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Review: Ego Knows No Bounds in Peccadillo’s Entertaining ‘The Show-Off’

By Miles Harter, Contributing Writer, September 29, 2017

A comedy of family and manners set in the mid-1920s, The Show-Off was first produced on Broadway in 1924. The play was the most successful of the many works of the accomplished playwright George Kelly, and also the basis of four movies. Kelly grew up in Philadelphia and was the one of 10 children in an Irish-American family. He was the brother of Olympic sculler John B. Kelly, and the uncle of Olympic rower John B. Kelly, Jr. and, most famously, actress Grace Kelly.

The play revolves around Aubrey Piper, an egotistical, lying, self-deluded, pretentious, businessman with an obvious toupee. Yes, as even the program notes recognize, Aubrey bears an uncanny resemblance to a certain luminary who now resides in Washington, DC. So at first glance, this play in which the action takes place nearly a century ago might seem to offer an escape from modern travails. But the play’s themes are (uncomfortably) timeless.

The story is set in the somewhat shabby drawing room of the home of the working class Fisher family of Philadelphia. The family decidedly does not live in the Blue Line enclave represented in the film High Society (the musical version of Philip Barry’s play The Philadelphia Story) that starred Grace Kelly. The Fisher parents are Neil and Josie Fisher, and their three children are Clara, Amy, and Joe. Aubrey Piper is the not-entirely-welcome beau of Amy. The play focuses on his efforts in bulldozing his way into the Fisher family, and the responses of the various family members, especially Josie and Joe, continually delight the audience.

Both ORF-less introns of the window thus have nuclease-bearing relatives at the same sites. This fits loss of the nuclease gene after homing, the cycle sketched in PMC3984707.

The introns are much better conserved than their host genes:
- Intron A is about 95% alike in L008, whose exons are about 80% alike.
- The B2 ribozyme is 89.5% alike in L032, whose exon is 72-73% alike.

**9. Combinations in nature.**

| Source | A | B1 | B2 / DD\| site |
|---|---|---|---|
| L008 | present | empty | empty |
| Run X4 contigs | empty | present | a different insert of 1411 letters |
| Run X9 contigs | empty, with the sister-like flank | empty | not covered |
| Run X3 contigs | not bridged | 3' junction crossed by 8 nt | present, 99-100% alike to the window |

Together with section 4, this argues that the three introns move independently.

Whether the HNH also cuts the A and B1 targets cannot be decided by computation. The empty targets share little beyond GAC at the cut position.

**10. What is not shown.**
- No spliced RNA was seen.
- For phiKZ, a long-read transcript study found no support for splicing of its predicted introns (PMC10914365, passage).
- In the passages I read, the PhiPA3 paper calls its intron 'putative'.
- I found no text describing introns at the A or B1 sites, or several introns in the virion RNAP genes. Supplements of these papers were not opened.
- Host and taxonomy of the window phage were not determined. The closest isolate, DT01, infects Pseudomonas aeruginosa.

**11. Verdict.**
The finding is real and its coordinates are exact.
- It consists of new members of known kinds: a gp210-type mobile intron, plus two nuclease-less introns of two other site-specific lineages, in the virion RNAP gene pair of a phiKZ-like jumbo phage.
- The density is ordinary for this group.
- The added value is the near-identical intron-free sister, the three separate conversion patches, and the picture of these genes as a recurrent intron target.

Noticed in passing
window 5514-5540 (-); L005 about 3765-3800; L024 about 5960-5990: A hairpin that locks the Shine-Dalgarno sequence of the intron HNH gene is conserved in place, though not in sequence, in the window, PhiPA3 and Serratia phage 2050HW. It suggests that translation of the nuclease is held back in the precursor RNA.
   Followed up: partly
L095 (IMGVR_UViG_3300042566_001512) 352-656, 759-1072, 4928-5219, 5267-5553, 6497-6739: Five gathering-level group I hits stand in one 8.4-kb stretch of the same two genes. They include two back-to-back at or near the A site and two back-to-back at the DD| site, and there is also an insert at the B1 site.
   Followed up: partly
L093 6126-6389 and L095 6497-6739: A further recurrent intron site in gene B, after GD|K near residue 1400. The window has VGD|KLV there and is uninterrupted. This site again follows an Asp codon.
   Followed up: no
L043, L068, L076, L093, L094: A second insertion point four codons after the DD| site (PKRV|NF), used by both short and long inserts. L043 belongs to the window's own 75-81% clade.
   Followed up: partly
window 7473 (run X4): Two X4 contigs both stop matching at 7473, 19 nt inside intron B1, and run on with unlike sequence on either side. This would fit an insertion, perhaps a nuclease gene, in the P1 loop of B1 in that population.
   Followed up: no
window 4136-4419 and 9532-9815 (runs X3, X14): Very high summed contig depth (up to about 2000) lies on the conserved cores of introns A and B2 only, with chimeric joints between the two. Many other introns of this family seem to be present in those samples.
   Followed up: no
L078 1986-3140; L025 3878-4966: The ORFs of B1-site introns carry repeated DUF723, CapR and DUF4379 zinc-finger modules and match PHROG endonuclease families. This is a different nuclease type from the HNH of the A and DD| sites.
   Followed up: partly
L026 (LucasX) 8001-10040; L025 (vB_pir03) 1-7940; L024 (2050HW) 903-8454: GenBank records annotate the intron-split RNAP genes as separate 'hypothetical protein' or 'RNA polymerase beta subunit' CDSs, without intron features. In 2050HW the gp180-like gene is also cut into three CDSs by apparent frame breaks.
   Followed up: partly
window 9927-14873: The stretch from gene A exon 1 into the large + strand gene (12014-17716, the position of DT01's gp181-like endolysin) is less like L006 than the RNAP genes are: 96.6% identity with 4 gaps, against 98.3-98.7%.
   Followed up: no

(l. to r.): Elise Hudson, Annette O’Toole, and Emma Orelove in ‘The Show-Off’;’ photo: Jeremy Daniel.

Modern audiences can’t avoid seeing the parallels of Aubrey to other hucksters who have taken in so many people, but Mrs. Fisher in particular is not fooled. The celebrated film and TV actress Annette O’Toole thoroughly inhabits her role as “Mother Fisher,” the moniker that Aubrey prematurely gives her. She is apparently not highly educated, but makes pithy and memorable observations about men, socialism, wearing wigs, and, especially and ironically, talking too much.

Ian Gould is eerily good as the self-deluded Aubrey Piper — a character we initially love to hate. Gould is appropriately pompous and boastful, and dominates most conversations. Tirosh Schneider as Joe also stands out as the bright-eyed and good-hearted teenage whiz kid. In an ingenious subplot, Joe appears to be on the brink of a new scientific breakthrough. Schneider skillfully causes the audience to root for him and a new generation of the Fishers of Philadelphia.

(l. to r.) Ian Gould, Tirosh Schneider, and Annette O’Toole in ‘The Show-Off;’ photo: Jeremy Daniel.


The Show-Off, presented by The Peccadillo Theater Company at the Theatre at St. Clement’s, 423 West 46th Street, through Saturday, October 21. Written by George Kelly. Directed by Dan Wackerman; scenic and lighting design by Harry Feiner; costume design by Barbara A. Bell; sound design by Quentin Chiappetta; wig design by Paul Huntley; properties design by Jessica C. Ayala. Cast: Marvin Bell, Aaron Gaines, Ian Gould, Elise Hudson, Emma Orelove, Annette O’Toole, Douglas Rees, Buzz Roddy, and Tirosh Schneider.


Cover: Annette O’Toole, and Ian Gould in ‘The Show-Off’;’ photo: Jeremy Daniel.


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